Away Day Display

Special Collections were asked to contribute to the Finance Department Away Day by giving a talk on the history of DMU as one of several optional activities for finance staff.

IMG_20170719_103529 We started with a warm-up activity based on old coinage – at least one person knew his bob from his groat and his sovereign from his crown, without needing the crib sheet!

Thoroughly in a historical mood, we then moved on to a presentation about the history of DMU since 1870. This was followed by the chance to look at a display of material from the Archive collection, illustrating the range of items we hold.

The display included our first register of students, press cuttings albums, examples of staff and student work, annual reports, prospectuses, student and staff magazines, a piece of Victorian physics demonstration equipment, events brochures, and the School of Architecture scarf from the 1940s.

We also found a few files of finance work to show the team how much their jobs had changed! Year end certainly seems to have been completed more quickly back then.



The Special Collections team are available to give talks and tours relating to the history of the institution, both internally and externally – please contact to discuss.


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Austenmania in the Archives

Today marks the bicentenary of Jane Austen’s death and 200 years on her novels continue to be lauded among the best in the English language. Like Shakespeare and Dickens, even if you’ve never read one of her works you are sure to have heard of her and her novels as they have come to exist in the cultural collective imagination. Pride and Prejudice, Sense and Sensibility and Emma are undoubtedly the most well-known and evoke images of rolling English countryside, stately homes, drawing-room drama, Regency frocks, and Colin Firth in a wet shirt – no wait, that’s Andrew Davies’ 1995 television version!

Moving on… so to celebrate the occasion, I thought I would showcase a few treasures from our collections that are either related to her works or provide a window into her times.

Jane Austen  (1775 – 1817) was born in Hampshire and although a popular author in her day (the Prince Regent was a huge fan and asked for Emma to be dedicated to him) she did not receive recognition as a great novelist until long after her death. All her novels were published anonymously, by “A Lady”, but all offer a beguiling glimpse into Regency life in rural England. The images below, taken from The Lady’s Monthly Museum, aka Polite Repository of Amusement and Instruction, 1801,  and La Belle Assemble, 1817, depict Regency fashion, and could almost be illustrations:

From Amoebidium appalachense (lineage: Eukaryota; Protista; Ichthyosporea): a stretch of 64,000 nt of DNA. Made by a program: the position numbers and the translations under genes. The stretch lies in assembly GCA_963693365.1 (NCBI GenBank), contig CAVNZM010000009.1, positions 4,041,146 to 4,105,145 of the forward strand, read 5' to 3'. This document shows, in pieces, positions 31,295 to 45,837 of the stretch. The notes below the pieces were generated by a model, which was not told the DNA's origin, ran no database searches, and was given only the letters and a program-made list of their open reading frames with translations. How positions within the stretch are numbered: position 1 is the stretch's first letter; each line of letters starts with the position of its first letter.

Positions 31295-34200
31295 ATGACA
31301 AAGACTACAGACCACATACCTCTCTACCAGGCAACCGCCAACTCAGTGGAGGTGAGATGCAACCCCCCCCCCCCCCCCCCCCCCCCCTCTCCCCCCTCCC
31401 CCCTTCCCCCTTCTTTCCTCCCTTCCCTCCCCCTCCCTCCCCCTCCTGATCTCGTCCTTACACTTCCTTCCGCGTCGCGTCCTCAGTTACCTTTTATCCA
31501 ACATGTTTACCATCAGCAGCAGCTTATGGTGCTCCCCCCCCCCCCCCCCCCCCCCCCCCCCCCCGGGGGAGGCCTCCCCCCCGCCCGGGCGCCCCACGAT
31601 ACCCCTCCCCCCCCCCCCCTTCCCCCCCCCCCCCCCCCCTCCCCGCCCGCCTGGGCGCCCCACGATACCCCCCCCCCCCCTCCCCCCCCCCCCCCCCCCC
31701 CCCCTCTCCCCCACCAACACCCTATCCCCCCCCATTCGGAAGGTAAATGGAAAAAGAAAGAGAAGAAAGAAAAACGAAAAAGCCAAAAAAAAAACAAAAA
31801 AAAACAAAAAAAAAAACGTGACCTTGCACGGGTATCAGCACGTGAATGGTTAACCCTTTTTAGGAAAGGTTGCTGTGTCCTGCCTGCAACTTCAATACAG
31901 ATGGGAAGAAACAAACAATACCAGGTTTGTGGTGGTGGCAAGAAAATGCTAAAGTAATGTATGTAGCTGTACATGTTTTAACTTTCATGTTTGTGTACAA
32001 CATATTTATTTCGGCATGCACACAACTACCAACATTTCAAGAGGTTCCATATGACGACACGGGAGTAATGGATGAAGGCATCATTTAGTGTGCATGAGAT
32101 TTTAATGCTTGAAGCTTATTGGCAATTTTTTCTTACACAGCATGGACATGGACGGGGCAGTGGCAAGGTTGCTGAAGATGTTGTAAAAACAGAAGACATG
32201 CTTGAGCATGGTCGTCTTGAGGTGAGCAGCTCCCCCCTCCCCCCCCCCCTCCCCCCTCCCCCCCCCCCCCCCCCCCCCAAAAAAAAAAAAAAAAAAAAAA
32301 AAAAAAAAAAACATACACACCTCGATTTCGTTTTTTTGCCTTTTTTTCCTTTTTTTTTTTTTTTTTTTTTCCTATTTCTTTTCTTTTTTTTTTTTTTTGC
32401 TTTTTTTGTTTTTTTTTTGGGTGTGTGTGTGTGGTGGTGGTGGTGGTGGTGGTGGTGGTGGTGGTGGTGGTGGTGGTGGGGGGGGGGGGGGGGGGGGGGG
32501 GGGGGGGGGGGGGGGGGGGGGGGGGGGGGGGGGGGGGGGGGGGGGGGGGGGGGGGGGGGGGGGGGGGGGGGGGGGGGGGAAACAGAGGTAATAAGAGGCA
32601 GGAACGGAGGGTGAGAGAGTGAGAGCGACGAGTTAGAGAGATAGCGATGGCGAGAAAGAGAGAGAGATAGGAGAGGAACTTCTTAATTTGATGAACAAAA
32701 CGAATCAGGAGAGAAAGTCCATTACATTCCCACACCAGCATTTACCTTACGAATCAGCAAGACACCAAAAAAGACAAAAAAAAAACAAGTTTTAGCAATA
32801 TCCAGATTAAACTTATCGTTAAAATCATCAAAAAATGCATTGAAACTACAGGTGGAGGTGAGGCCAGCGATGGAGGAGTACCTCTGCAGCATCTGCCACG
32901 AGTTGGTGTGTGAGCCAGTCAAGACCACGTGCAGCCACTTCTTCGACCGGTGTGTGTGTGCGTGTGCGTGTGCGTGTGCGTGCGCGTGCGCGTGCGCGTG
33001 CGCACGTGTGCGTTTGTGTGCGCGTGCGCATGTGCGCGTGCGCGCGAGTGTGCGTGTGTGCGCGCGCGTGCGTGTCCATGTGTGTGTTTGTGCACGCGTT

You can easily project your fave Austen character onto these figures: the lady on the far-left bears a striking resemblance to Jennifer Ehle as Elizabeth Bennet in BBC’s 1995 Pride & Prejudice. And the figures on the far-right could be the Dashwood sisters, Elinor and Marianne, in Sense and Sensibility.

From Regency fashion to furniture: some books from our Art Design and Architecture collection show a typical room layout and some furnishings and decorations from the day.

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The Dining Room in Jourdain, M. ‘English Decoration and Furniture of the Later XVIIIth Century 1760-1820’. 1982.

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Two arm chairs dating from around 1808.

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Escutcheons (decorative fittings used around keyholes and door handles) from a contemporary pattern-book.

While the the elegance of the Regency drawing room and the accomplishments of young ladies are often the topics of conversation in Austen’s novels, they are not without their social commentary and contextual references. One should always remember that Austen was writing during the height of the Napoleonic Wars (1803-1815) and a militia presence can be felt throughout her novels, reflecting the stationing of thousands of British Army troops along the South Coast of England in the early 19th Century as Napoleon continued his expansion across Europe and readied for an invasion of Britain.

While the naval Captain Wentworth in Austen’s final novel, Persuasion, cuts a rather dashing romantic figure whose love for Anne does not falter while he is away at war, the Redcoats (the army troops) do not always turn out so favourably, such as the dastardly Wickham in Pride and Prejudice. Again, this depiction reflects concerns of the time that not all the troops behaved in a moral and gentlemanly way while stationed in areas where no one knew them or their histories.

While all of this offers some wonderful insight into the construction of Austen’s novels, to round up my Austenmania trip I will finish by including some materials that relate to the adaptations of her works and their link with DMU. We are fortunate in the archive to be the custodians of the Papers of Andrew Davies, one of Britains most well-known television and film screenwriters who is considered an auteur in the field of classic novel adaptation. His most famous is of course the 1995 Pride and Prejudice but for something different I thought I’d dig out Northanger Abbey, as its journey from inception to production, taking nearly a decade, would make a fascinating case study.